Formula One teams unite to fight ventilator shortage

What might be perceived as a lost season for Formula One could yet emerge as one of the sport’s finest hours. Such is the warp speed of its response to the COVID-19 pandemic that world champions Mercedes, one of seven teams working to redress England’s ventilator shortages, have already unveiled a breathing aid to keep coronavirus patients out of intensive care. This type of feat – involving prototyping, regulatory approval and mass production – would usually take years. But, in extraordinary circumstances, it has been accomplished in just seven days.
For Mark Gillan, the coordinator of “Project Pitlane” – as F1’s reaction to the emergency is known – it is an unprecedented display of solidarity. For 14 years, Gillan worked as a senior engineer at McLaren, Red Bull and Williams as the teams contrived devilish ways to outdo one another. But today, as chief technology officer for Innovate UK, he chairs twice-daily video conferences from his offices on London’s Victoria Embankment and sees only a united front to face the challenges of the moment.
“There is nobody better at reverse-engineering or at the rapid designing, developing and testing of complex systems as F1 teams,” Gillan says.
“When you bring this expertise together, it becomes a very significant resource. The work that Mercedes have done is testament to that. They passed regulations with their device very, very quickly. It has been a hugely positive step.”
Mercedes, working closely with clinicians at University College London Hospital, have fashioned a solution faster than anyone imagined possible. In just a week, they have built dozens of Continuous Positive Airway Pressure devices, which deliver oxygen to the lungs without requiring a ventilator.
Such equipment has successfully treated COVID-19 patients in China and Italy, but is in short supply in the UK. Forty devices have been delivered to UCLH and three other London hospitals. If trials prove successful, Mercedes estimate they can soon start producing 1000 per day.
Andy Cowell, the managing director of Mercedes High Performance, says: “We have been proud to put our resources at the service of UCL, delivering this CPAP project to the highest standards and in the fastest possible time frame.”
Project Pitlane is divided into three strands specific to the talents of the F1 industry: design, prototype manufacture and skilled assembly. Work across all three will accelerate over the next fortnight, as F1 strives to ensure that the National Health Service has the technology it needs to deal with the peak of the coronavirus outbreak, expected in two to three weeks.
“F1 loves to work with defined metrics, and we have a very clear plan for what needs to be achieved,” Gillan says. “We have update meetings with them throughout the day, and then a review session in the evening with the government, who go through everything that has been learnt.
“It’s a testament to teams’ attitude that in a period when their factories have shut down, they have all bound together.”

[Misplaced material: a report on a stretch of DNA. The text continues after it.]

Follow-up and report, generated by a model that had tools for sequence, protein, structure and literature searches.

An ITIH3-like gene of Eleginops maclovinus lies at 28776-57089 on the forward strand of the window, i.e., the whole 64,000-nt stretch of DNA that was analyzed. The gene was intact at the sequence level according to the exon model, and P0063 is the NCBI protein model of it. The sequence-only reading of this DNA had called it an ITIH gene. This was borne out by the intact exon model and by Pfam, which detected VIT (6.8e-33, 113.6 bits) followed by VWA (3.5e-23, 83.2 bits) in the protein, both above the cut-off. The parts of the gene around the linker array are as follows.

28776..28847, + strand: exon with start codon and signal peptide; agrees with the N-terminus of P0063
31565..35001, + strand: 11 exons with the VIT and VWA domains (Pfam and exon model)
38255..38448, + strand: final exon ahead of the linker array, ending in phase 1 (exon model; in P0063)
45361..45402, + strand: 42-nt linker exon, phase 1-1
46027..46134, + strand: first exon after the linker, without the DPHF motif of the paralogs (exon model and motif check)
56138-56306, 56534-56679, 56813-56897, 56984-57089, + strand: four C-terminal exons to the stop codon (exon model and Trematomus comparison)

Although teams are in the middle of a mandatory 21-day shutdown, an order normally enforced only during the August break, sections of their factories have been turned over exclusively to efforts to combat COVID-19. Nowhere is the strangeness of the times more evident than at McLaren, who have relaxed their usual operating-theatre protocols in technical areas to allow staff to eat lunch at their stations.
Gillan, formerly chief race engineer with Williams, first approached teams to help the national effort on March 15, within 48 hours of the Australian Grand Prix being cancelled. “There was an immediate positive reaction,” he says. “They were already thinking about what they could do.”
Engineers who would once have devoted all their energies to tweaking Lewis Hamilton’s steering wheel found themselves reassigned, almost overnight, to making a crucial contribution to the national effort.
“With clinical advisers embedded in the process, it helps to focus the mind,” Gillan says. “The transition by all the teams has been smooth. But that’s what I expect, because they are world leaders in taking designs, improving them, and moving at pace.”
Reverse-engineering is the area of expertise most specifically tailored to F1. In recent days, Mercedes’ finest minds have worked on dismantling an existing off-patent CPAP device, copying and improving the design, then adapting it for mass production. The effect of their intervention could be profound, with reports from Lombardy, the region of Italy most ravaged by COVID-19, indicating that half the patients given CPAP have avoided any need for invasive mechanical ventilation.
So acute are the time pressures that there are still vast challenges for F1 to overcome, not least in sourcing materials. But with Mercedes, Red Bull, McLaren, Renault, Racing Point, Haas and Williams all committing to the project, Gillan argues that the sport is equal to the challenge. “These teams, while they are extremely competitive, all know each other. There is a lot of flux of people between them, with many people moving teams. While some of the systems will be different, they have the same way of working. As a result, you can integrate them extremely quickly.”
Gillan, conscious of how high the stakes are, is wary of being too lavish in his acclaim just yet. “The next two or three weeks will be critical,” he says. “Only then can we give ourselves any pats on the back.”
For now, suffice to say that it is perhaps the most memorable example of shared endeavour that he, or the sport he long served, has ever known.
The Telegraph, London

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